Guinea poised for wildcat anti-junta demos

Guinea may be poised for wildcat anti-junta protests by pro-democracy activists under the banner of the National Front for the…

Guinea may be poised for wildcat anti-junta protests by pro-democracy activists under the banner of the National Front for the Defence of the Constitution (FNDC) who have vowed to take to the streets demanding the release of their incarcerated leaders.In the lead up to the planned demonstrations on Thursday, Guinea appears heading for eventful days as the FNDC issues a statement calling on all patriotic citizens to answer their call to a ”sacred civic duty” aimed at saving democracy from the ”choking clutches of so-called anti democratic forces. 

The FNDC say they “will organise a peaceful citizen’s demonstration next Thursday in Greater Conakry” in accordance with Articles 20 of the Universal Declaration of Human Rights, 21 of the International Covenant on Civil and Political Rights, 11 of the African Charter on Human and Peoples’ Rights, 34 and 8, paragraph 2 of the Guinean Transitional Charter.

 The citizen’s movement is demanding that its demands, in particular “the unconditional release” of its national coordinator Oumar Sylla known as Foniké Mengué and its heads of operations and branches, Ibrahima Diallo and Billo Bah, as well as “all political leaders, opinion leaders and pro-democracy activists unjustly arrested and incarcerated in the interior of the country”.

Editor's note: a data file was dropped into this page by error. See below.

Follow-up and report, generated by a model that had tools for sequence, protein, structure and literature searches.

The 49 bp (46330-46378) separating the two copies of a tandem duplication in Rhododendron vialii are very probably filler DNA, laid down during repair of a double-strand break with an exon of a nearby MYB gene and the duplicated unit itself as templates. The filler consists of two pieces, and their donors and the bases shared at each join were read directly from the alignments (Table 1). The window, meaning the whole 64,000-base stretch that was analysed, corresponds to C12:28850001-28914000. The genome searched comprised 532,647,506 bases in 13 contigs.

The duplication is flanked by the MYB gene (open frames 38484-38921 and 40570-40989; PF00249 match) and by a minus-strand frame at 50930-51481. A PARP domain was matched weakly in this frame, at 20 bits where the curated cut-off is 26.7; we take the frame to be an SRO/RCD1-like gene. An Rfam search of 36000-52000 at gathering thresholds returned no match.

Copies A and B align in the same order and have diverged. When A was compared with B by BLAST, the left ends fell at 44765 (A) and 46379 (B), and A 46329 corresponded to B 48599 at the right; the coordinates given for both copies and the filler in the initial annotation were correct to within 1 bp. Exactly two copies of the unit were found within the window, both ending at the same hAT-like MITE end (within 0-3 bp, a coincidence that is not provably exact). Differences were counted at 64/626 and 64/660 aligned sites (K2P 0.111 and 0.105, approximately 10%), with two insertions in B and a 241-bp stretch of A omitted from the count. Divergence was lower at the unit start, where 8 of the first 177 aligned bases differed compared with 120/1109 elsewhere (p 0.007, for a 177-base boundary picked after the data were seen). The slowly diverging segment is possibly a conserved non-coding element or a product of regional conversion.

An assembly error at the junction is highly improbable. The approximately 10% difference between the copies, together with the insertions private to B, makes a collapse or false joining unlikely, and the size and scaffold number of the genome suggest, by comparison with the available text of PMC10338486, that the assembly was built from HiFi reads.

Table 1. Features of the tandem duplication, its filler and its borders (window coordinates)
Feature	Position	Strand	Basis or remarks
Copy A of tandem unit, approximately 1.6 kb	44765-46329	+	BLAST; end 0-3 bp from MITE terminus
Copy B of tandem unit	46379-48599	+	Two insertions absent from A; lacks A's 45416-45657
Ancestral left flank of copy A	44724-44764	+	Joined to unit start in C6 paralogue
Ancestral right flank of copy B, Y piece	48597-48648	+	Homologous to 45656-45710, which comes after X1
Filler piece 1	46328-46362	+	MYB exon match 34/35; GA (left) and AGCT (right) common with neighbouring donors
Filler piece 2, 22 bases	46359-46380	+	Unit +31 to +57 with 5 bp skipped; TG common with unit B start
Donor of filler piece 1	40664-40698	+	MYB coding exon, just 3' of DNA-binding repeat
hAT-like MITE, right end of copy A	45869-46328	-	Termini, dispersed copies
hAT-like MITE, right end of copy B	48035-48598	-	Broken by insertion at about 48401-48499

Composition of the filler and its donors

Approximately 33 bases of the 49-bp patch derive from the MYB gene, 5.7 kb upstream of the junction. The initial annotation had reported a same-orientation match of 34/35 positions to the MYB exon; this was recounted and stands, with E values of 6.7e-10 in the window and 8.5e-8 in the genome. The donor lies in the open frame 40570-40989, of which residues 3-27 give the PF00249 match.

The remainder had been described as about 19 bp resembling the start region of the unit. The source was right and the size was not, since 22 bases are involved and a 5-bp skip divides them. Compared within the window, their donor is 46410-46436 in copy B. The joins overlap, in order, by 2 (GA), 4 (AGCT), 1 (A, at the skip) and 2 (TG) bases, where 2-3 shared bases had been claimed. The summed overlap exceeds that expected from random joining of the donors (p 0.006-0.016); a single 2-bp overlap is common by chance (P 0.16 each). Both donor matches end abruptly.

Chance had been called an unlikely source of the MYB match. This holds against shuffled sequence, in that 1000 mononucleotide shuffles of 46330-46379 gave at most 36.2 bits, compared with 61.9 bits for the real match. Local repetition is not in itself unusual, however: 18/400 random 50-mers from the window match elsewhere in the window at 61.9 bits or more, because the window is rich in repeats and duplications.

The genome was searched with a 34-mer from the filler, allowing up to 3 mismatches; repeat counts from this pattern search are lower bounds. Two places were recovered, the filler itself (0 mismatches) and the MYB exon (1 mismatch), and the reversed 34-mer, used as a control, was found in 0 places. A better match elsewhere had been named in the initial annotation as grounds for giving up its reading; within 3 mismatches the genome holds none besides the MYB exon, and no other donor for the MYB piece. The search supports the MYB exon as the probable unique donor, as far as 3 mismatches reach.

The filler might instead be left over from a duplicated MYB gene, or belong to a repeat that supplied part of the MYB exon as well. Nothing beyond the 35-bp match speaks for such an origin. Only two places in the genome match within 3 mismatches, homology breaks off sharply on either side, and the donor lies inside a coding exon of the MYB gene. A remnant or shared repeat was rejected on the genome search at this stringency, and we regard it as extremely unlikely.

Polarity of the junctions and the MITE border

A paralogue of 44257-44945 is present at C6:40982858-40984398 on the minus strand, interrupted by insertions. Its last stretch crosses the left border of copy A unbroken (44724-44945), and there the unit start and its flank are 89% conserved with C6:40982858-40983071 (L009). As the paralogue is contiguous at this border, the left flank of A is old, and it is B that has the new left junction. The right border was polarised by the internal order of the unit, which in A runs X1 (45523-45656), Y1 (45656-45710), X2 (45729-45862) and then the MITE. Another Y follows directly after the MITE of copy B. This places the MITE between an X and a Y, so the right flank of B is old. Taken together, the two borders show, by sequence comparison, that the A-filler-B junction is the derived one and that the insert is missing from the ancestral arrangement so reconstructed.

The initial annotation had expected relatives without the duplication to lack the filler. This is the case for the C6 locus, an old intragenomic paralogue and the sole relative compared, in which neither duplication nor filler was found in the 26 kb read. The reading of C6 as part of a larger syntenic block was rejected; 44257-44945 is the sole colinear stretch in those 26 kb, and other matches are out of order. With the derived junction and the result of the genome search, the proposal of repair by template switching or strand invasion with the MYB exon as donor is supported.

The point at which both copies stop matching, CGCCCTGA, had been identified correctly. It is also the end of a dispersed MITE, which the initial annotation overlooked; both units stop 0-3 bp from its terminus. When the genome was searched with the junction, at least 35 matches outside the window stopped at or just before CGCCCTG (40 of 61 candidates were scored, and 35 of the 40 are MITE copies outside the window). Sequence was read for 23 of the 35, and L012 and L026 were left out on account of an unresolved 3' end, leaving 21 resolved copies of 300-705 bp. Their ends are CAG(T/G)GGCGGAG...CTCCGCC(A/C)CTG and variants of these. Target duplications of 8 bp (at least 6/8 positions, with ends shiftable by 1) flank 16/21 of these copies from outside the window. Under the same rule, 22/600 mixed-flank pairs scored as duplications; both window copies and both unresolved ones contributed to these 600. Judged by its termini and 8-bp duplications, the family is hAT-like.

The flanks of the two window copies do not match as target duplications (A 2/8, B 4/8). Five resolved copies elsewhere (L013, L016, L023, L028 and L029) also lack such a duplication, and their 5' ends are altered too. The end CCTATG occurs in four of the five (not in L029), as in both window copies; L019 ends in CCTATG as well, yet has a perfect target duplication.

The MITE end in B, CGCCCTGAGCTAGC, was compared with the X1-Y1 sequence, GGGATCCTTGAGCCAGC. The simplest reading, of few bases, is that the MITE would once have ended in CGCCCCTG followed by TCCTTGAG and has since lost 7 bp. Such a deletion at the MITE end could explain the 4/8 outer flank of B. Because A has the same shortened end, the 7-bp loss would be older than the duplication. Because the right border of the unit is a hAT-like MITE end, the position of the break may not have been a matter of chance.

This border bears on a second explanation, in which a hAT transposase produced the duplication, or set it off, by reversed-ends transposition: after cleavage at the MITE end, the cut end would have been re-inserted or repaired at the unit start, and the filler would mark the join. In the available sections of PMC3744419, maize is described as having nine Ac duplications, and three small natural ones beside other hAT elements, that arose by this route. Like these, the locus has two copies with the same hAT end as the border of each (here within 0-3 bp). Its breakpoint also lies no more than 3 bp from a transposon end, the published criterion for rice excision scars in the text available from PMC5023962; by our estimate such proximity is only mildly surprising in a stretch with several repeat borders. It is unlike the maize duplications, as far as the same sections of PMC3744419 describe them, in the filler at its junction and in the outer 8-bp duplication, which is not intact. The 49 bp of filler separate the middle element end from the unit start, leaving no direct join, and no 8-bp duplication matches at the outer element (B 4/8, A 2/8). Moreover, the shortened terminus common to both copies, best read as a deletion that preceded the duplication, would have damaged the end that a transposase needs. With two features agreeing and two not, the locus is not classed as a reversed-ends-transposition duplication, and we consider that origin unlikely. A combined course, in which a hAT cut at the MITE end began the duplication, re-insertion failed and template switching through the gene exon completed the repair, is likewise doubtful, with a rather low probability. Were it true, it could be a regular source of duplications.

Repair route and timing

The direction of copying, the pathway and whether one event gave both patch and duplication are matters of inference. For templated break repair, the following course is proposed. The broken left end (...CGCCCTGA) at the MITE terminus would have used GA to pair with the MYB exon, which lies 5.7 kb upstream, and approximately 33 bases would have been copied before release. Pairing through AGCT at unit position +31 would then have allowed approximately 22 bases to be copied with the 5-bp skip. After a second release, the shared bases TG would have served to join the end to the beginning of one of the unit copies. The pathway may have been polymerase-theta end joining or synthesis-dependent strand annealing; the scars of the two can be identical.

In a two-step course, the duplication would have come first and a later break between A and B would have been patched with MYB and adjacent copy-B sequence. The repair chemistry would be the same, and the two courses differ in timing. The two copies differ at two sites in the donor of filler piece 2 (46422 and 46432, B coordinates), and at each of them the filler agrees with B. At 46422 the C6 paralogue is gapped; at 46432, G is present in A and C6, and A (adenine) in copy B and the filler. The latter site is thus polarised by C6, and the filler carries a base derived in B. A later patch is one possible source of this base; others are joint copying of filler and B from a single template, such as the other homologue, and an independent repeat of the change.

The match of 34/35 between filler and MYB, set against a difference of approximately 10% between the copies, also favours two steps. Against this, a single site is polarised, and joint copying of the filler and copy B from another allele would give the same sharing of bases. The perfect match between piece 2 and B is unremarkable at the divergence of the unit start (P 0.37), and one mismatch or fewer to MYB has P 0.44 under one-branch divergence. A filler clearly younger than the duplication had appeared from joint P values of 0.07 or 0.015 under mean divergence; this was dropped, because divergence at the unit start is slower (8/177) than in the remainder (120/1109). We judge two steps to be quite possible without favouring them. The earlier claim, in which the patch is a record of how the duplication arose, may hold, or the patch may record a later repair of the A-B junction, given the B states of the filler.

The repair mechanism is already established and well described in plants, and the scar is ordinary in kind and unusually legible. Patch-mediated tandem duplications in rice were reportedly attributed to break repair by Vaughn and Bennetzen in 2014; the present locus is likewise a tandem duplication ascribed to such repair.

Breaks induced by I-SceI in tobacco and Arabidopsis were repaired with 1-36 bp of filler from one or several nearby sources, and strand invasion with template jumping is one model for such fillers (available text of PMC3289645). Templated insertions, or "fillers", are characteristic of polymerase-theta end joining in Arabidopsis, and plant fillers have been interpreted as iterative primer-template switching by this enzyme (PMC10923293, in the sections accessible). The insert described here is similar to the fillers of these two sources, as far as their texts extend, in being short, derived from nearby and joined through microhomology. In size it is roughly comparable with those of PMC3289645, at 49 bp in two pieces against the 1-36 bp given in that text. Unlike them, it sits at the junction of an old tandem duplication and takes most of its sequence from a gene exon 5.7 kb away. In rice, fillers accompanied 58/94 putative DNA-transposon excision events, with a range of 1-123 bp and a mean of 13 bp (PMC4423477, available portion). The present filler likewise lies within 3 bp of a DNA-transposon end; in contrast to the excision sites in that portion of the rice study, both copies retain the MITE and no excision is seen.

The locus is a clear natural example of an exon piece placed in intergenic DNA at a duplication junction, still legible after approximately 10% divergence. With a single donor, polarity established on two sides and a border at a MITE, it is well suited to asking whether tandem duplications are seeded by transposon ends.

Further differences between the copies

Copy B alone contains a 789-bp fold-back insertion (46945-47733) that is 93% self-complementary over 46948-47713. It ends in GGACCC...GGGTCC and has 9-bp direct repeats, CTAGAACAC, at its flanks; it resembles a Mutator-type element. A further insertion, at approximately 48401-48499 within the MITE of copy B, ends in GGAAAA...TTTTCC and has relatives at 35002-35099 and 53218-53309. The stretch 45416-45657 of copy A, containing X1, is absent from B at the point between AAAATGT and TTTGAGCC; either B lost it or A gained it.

The movement is also keen to put an end to what it considers the “harassment and whimsical prosecutions against social and political actors opposed to the conduct of the current transition.”

 The Guinean activists also demand “the immediate lifting of the ban on demonstrations in the streets and public places throughout the country”. 

Their demands include “the establishment of a framework for fruitful dialogue” under the stewardship of the Economic Community of West African States (ECOWAS), bringing together the National Committee for Rally and Development (CNRD), the ruling junta, the government, the National Transitional Council (CNT), political parties and representatives of civil society in the presence of ambassadors of the world’s major powers.

 Since last May, Guinea’s military authorities had banned public demonstrations. 

In August, they dissolved the FNDC, accused its members of engaging in “violence, degradation and destruction of public and private property, acts of incitement to hatred or discrimination against people because of their origin or ideology.”

 Demonstrations organised under the CNRD regime were violently suppressed as security forces shot dead at least eight protesters, according to the organisers.


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